My mother, on the other hand, was eager to break the forced way of life that was offered to her in the formerSoviet Union. She was the pilgrim in our family. Everyone thought that she was very daring to go to theU.S. People were scared and forbidden to even listen to the “Voice of America”, because it was considered enemy propaganda. It was the time of the cold war, but it did not scare my mother. She was determined to meet the rest of our family.
My first Jewish symbol was a necklace with the Shalom sign that my mother brought me fromAmerica. I could not stop looking at it after listening my mother’s stories about US. My peers in school would ask me what I was wearing around my neck. Everyone knew about my mother’s trip toU.S. I would always proudly say: “It is a peace sign!” I felt almost obligated. I already was a part of that country that I had never seen. One day while I was visiting my grandmother, she reached forward and touched the necklace, her eyes were full of joy like she had accomplished her first task.
During my third year of medical school, I finally followed my grandmother’s recommendations to go to the Moscow Central Synagogue for the holiday called Simcha Torah to celebrate the conclusion of the yearly Torah reading. All of my friends gathered at the steps of this beautiful and monumental institution. The celebration usually drew a big crowd of young people. The festive atmosphere of singing, dancing, and sharing food together united us. The dark night was approaching. The air was getting colder. The boys put their jackets on their girl’s shoulders.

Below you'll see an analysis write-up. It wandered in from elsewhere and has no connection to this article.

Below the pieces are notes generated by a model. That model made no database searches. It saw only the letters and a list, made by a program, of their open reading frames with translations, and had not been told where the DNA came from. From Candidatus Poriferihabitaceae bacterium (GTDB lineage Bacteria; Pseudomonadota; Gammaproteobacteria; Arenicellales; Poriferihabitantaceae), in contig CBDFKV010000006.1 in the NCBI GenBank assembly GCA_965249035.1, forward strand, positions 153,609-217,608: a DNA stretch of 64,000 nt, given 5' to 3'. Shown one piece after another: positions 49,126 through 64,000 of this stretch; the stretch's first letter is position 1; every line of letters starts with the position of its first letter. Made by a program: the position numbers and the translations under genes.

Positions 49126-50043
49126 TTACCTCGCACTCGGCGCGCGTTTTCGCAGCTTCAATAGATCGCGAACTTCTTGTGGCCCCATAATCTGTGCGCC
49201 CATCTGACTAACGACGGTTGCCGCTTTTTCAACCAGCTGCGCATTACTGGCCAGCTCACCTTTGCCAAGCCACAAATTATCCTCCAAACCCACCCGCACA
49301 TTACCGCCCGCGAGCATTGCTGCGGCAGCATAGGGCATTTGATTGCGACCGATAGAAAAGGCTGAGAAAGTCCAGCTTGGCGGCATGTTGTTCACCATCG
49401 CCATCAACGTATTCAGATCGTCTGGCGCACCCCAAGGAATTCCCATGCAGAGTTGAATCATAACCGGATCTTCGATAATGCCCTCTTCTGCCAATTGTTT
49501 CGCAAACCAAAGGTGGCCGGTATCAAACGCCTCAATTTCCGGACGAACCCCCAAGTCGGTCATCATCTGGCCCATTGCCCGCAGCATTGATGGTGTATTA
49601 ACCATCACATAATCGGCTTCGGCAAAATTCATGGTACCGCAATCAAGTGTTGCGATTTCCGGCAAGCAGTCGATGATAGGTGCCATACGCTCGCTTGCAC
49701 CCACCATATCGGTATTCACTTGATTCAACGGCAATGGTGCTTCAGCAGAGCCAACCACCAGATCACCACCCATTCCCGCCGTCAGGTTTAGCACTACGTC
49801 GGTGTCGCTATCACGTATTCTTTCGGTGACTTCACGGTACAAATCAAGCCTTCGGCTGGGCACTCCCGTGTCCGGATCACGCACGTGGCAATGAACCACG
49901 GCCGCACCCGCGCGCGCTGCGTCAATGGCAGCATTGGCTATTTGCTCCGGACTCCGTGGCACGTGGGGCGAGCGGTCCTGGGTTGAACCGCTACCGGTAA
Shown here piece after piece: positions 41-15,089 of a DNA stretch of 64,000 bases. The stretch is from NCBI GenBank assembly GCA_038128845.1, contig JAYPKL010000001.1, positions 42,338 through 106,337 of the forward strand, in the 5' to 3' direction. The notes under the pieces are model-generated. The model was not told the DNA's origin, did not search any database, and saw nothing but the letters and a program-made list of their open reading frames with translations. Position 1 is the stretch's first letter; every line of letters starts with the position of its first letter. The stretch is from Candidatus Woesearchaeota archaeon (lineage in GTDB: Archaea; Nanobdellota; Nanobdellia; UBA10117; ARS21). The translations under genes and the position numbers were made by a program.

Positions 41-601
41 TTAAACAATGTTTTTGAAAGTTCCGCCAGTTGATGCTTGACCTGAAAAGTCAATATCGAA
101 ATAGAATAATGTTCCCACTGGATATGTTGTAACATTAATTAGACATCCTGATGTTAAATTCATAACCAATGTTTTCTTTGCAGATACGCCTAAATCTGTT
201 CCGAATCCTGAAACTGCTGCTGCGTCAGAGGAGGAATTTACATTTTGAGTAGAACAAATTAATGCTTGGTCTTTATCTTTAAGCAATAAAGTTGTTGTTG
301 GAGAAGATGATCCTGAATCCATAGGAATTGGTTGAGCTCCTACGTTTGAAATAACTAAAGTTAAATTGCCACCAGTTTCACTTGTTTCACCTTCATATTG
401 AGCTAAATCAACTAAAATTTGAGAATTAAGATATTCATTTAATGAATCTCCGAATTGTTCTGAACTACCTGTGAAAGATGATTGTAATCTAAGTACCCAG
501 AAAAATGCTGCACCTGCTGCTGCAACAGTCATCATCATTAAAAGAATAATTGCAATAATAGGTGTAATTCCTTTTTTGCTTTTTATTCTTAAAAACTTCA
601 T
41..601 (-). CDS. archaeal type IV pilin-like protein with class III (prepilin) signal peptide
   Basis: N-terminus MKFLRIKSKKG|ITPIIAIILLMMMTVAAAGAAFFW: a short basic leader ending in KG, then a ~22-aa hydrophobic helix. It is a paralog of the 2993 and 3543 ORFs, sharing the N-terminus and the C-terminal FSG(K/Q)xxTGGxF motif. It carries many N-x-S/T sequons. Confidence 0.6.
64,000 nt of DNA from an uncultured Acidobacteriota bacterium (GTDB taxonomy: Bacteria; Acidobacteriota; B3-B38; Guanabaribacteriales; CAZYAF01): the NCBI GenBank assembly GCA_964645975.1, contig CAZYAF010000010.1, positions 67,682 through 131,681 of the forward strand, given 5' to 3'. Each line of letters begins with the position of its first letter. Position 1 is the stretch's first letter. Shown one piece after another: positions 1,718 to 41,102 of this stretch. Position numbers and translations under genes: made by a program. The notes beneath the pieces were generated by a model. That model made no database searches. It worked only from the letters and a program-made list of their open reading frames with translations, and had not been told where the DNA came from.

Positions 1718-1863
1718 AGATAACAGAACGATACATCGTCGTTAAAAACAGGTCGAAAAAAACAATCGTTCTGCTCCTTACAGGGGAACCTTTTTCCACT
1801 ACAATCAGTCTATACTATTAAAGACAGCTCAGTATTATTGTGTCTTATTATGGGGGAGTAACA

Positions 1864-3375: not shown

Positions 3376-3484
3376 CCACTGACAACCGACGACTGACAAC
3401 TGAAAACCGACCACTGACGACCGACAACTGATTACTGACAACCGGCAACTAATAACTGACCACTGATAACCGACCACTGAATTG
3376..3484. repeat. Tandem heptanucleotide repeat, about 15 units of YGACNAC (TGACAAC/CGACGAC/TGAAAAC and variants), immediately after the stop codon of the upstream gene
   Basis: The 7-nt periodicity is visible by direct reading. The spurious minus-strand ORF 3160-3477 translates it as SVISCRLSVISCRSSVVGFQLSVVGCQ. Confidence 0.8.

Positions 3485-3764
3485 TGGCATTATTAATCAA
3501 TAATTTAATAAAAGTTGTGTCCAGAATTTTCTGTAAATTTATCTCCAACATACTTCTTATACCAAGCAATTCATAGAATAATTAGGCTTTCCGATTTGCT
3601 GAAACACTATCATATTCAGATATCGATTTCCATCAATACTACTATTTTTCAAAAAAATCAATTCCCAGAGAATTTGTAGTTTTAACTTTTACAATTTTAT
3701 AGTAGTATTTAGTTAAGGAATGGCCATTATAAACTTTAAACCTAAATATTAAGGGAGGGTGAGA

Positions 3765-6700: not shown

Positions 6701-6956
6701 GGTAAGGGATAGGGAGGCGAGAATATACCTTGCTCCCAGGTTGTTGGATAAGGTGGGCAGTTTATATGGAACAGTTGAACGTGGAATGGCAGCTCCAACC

Suddenly, a bright light blinded the crowd from above. A loud male voice was heard from a megaphone. The voice was becoming louder and louder when I saw a police car slowly driving down the wide street, dividing the crowd like Moses at theRed Sea, but it was not Moses. And the words were not his. The loud voice from the car was insistently saying: ”Comrade Jews, it is time to go home!” ”Comrade Jews, it is time to go home!” ”Comrade Jews, it is time to home!” It continued until the car disappeared in the dark. At that moment I realized that it was my time to go and find my roots! It was my turning point.
Twenty-two years passed since I leftRussia. I was standing at the bima with my husband and my mother. My eyes were full of tears of joy and appreciation. The light beam from above was traveling through the skylights of the synagogue, guiding our thoughts and emotions. Together with my husband who is a third generation American with roots in New York City, we raised a beautiful girl who on that sunny summer Saturday morning, was reading fluently in the Hebrew language from an ancient book filled with words of wisdom that have inspired generations. She might not fully comprehend the meaning of that power, the toil that was associated with it, and the mystery of it, but together we will…
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